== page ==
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International trade in African snakes not listed on CITES: the role of the internet and social media

AutorInnen: 
Jensen, T.J., Auliya, M., Burgess, N.D., Aust, P. W., Pertoldi, C., Strand, J.
Erscheinungsjahr: 
2018
Vollständiger Titel: 
Exploring the international trade in African snakes not listed on CITES: highlighting the role of the internet and social media
Autor/-innen des ZFMK: 
Org. Einordnung: 
Publiziert in: 
Biodiversity and Conservation
Publikationstyp: 
Zeitschriftenaufsatz
DOI Name: 
https://doi.org/10.1007/s10531-018-1632-9
Keywords: 
Unregulated harvest, CITES, Pet trade, Reptile, IUCN red list
Bibliographische Angaben: 
Jensen, T.J., Auliya, M., Burgess, N.D., Aust, P. W., Pertoldi, C., Strand, J. (2018): Exploring the international trade in African snakes not listed on CITES: highlighting the role of the internet and social media. - Biodiversity and Conservation (2018): 1-19; https://doi.org/10.1007/s10531-018-1632-9
Abstract:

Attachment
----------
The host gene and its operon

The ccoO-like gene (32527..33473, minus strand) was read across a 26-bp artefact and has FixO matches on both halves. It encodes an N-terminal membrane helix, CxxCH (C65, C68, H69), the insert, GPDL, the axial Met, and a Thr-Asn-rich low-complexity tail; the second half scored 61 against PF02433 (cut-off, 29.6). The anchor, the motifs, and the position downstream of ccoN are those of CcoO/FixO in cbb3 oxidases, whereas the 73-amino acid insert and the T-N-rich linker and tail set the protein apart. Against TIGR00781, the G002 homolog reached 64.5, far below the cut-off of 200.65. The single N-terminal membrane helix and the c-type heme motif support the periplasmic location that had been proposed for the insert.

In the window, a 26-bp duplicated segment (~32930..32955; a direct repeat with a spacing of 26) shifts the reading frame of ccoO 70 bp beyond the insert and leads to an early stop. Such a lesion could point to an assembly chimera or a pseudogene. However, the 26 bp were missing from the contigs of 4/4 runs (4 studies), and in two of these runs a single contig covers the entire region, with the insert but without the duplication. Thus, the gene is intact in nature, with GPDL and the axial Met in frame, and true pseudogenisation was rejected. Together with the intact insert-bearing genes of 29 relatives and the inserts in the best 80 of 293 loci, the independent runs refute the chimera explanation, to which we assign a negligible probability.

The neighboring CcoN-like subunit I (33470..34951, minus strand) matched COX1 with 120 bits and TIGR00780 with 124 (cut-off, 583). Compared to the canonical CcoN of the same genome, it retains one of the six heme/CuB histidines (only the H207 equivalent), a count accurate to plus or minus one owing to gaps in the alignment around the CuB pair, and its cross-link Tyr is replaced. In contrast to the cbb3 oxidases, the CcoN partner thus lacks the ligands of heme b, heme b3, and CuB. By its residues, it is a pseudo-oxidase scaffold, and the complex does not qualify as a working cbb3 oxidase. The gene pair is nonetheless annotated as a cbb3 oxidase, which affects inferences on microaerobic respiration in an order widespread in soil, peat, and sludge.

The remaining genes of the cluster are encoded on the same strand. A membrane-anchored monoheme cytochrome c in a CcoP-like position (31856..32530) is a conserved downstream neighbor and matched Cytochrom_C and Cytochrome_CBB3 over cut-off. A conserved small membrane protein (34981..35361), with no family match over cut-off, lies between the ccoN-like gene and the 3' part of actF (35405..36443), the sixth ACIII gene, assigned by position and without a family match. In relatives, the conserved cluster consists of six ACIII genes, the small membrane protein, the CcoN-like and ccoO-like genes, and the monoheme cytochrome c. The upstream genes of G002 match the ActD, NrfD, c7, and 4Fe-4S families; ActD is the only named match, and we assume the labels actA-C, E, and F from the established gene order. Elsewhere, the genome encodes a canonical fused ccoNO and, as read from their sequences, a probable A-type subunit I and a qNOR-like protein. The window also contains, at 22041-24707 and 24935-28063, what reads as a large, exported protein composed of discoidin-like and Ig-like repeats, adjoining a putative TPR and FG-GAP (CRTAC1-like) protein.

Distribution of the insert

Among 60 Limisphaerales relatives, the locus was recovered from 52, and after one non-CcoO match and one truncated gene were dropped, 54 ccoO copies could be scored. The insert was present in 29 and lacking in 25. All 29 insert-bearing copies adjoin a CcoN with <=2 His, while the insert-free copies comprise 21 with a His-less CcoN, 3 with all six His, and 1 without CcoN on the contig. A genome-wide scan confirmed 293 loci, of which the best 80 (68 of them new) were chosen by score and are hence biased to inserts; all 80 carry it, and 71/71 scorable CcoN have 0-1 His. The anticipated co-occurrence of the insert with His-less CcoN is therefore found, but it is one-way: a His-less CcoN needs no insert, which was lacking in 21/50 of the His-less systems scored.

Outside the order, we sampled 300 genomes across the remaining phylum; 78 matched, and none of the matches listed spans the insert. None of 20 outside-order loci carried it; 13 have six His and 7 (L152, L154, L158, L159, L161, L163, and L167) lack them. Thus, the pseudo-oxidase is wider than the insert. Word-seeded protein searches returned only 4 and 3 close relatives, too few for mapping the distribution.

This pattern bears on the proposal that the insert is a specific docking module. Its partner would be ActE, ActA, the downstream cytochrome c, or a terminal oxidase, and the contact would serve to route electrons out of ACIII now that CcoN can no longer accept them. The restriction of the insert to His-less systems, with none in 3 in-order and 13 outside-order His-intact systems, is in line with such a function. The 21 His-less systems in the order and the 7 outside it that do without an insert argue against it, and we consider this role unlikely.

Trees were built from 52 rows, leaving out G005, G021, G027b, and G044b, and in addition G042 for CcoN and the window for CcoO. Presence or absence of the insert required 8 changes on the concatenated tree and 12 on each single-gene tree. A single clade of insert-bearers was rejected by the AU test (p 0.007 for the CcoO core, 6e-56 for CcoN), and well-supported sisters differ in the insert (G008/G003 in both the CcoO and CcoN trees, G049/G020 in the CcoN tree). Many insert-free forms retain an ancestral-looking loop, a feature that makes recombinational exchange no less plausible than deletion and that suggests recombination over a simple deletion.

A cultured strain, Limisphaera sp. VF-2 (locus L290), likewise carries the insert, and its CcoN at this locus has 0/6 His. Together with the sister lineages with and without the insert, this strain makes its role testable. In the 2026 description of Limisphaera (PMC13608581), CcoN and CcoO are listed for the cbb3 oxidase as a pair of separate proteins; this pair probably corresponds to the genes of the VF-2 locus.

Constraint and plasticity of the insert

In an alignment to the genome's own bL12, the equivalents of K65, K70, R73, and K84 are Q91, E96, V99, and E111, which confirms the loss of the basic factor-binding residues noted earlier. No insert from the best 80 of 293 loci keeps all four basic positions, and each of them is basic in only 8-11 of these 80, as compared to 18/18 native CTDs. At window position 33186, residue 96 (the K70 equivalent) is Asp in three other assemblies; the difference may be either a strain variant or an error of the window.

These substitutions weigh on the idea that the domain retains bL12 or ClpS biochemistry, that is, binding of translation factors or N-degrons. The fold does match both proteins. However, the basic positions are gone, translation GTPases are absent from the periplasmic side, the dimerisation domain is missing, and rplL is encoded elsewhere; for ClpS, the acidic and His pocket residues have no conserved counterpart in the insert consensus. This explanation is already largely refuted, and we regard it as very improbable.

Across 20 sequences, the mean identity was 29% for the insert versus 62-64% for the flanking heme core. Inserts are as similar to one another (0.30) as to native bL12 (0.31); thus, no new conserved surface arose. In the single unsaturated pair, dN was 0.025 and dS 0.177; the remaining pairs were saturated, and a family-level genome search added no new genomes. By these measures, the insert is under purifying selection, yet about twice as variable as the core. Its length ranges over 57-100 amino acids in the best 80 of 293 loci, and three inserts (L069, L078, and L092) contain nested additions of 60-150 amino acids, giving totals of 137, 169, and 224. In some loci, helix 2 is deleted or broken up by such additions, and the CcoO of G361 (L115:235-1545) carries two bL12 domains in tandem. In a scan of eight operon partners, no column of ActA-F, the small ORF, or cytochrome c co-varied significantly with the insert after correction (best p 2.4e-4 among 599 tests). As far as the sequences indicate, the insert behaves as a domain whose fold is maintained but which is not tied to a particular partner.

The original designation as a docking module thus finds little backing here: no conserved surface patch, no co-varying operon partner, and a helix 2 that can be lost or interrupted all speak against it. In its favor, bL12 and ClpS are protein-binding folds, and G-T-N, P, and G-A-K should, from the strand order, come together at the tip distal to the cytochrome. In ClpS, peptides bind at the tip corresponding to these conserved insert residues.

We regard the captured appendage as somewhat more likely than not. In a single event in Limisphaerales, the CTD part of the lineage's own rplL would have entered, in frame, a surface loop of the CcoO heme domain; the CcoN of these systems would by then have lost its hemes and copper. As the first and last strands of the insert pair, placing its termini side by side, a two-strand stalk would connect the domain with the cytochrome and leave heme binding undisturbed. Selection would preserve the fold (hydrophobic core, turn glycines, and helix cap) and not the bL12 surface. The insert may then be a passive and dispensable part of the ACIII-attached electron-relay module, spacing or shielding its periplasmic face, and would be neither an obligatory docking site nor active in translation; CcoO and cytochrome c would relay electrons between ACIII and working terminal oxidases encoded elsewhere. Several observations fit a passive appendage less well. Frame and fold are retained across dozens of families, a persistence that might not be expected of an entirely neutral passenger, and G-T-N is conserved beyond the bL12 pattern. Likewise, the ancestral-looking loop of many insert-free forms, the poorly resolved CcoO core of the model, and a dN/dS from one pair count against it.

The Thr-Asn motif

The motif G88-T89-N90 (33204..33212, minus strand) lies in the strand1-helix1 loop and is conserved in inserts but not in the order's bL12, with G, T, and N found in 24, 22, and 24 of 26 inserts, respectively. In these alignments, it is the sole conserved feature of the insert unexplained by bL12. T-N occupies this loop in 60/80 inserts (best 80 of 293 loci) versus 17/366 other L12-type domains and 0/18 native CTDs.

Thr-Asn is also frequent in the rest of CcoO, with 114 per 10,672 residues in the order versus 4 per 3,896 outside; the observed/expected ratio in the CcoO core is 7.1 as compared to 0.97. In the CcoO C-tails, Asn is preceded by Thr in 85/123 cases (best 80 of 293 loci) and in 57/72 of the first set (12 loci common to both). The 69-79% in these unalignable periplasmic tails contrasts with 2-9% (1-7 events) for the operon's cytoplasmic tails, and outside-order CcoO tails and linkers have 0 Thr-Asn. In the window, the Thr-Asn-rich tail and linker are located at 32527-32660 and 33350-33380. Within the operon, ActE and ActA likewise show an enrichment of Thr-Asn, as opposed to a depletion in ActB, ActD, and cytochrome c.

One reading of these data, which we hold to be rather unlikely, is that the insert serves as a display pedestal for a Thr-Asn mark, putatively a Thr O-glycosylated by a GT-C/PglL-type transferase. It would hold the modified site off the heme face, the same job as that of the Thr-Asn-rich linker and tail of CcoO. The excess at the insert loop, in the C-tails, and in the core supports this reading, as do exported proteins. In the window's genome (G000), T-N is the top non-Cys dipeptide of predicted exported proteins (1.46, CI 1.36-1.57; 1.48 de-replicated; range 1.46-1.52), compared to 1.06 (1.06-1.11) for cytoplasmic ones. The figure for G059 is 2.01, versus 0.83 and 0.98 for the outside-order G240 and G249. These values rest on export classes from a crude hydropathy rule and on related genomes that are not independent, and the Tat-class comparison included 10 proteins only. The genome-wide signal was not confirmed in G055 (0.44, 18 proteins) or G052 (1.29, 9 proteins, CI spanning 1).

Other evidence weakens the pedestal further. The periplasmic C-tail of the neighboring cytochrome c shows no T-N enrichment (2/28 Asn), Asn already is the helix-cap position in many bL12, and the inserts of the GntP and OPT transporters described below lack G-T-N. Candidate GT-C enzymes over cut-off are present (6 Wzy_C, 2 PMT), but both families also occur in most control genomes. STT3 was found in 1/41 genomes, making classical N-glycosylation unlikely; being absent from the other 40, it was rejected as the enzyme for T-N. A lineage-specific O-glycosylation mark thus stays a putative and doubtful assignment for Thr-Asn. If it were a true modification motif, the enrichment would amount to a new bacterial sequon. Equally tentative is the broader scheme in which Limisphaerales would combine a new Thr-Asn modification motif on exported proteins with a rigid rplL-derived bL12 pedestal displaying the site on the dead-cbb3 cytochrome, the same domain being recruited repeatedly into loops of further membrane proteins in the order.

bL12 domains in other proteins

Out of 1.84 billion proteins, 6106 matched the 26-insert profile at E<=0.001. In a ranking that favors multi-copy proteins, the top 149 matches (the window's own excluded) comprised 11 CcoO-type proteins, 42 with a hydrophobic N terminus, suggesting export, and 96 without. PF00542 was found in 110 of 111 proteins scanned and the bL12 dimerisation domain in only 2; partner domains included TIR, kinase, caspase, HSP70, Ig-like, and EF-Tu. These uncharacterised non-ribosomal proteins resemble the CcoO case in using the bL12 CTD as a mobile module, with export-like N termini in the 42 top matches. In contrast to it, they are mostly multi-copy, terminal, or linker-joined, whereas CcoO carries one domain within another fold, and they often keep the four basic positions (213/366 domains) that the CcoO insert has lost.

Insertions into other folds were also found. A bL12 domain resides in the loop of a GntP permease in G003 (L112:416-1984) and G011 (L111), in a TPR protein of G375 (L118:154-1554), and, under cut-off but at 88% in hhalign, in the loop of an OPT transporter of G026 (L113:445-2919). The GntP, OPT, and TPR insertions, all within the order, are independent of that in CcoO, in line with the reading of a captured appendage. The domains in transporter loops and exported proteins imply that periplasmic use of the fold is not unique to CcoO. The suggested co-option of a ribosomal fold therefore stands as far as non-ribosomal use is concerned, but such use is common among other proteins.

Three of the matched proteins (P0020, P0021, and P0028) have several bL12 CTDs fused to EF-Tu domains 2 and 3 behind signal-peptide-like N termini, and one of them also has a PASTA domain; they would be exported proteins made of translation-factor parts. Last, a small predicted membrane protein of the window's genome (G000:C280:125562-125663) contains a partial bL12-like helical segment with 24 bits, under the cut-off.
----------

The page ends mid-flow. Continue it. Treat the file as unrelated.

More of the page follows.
Globally, there is an extensive trade in snakes for pets, especially in the European and North American markets. This trade includes many African snakes, but few of these are present on CITES appendices, suggesting little regulation of this international trade. In this study, we assess the status of this unregulated trade, by analyzing export lists and private seller advertisements, collected by correspondence, monitoring and recording social media and online forums. Furthermore, by engaging with African exporters, we map the distribution of trading hubs involved in the international trade of African snakes. We show that the African snake trade is extensive and involves rare and range-restricted species, including species on the IUCN red list of threatened species. Furthermore, the internet and social media are shown to play an increasing role in the trade of exotic reptiles. We found 2.269 wild caught live African snakes from 42 species, present in 15 African countries, to have been advertised for sale between 2013 and 2017. Traded species were predominately venomous and the 23 most traded species were not CITES listed. Three main hubs for the live snake trade occur on the African mainland: Tanzania, Togo, and Egypt. By using publicly available data we demonstrate an extensive trade in snake species where basic biological knowledge and conservation status is often missing and the sustainability of this trade is questionable. To tackle this potentially detrimental trade we recommend detailed investigations aiming to understand current threats to snakes, especially focusing on species not regulated by international conventions.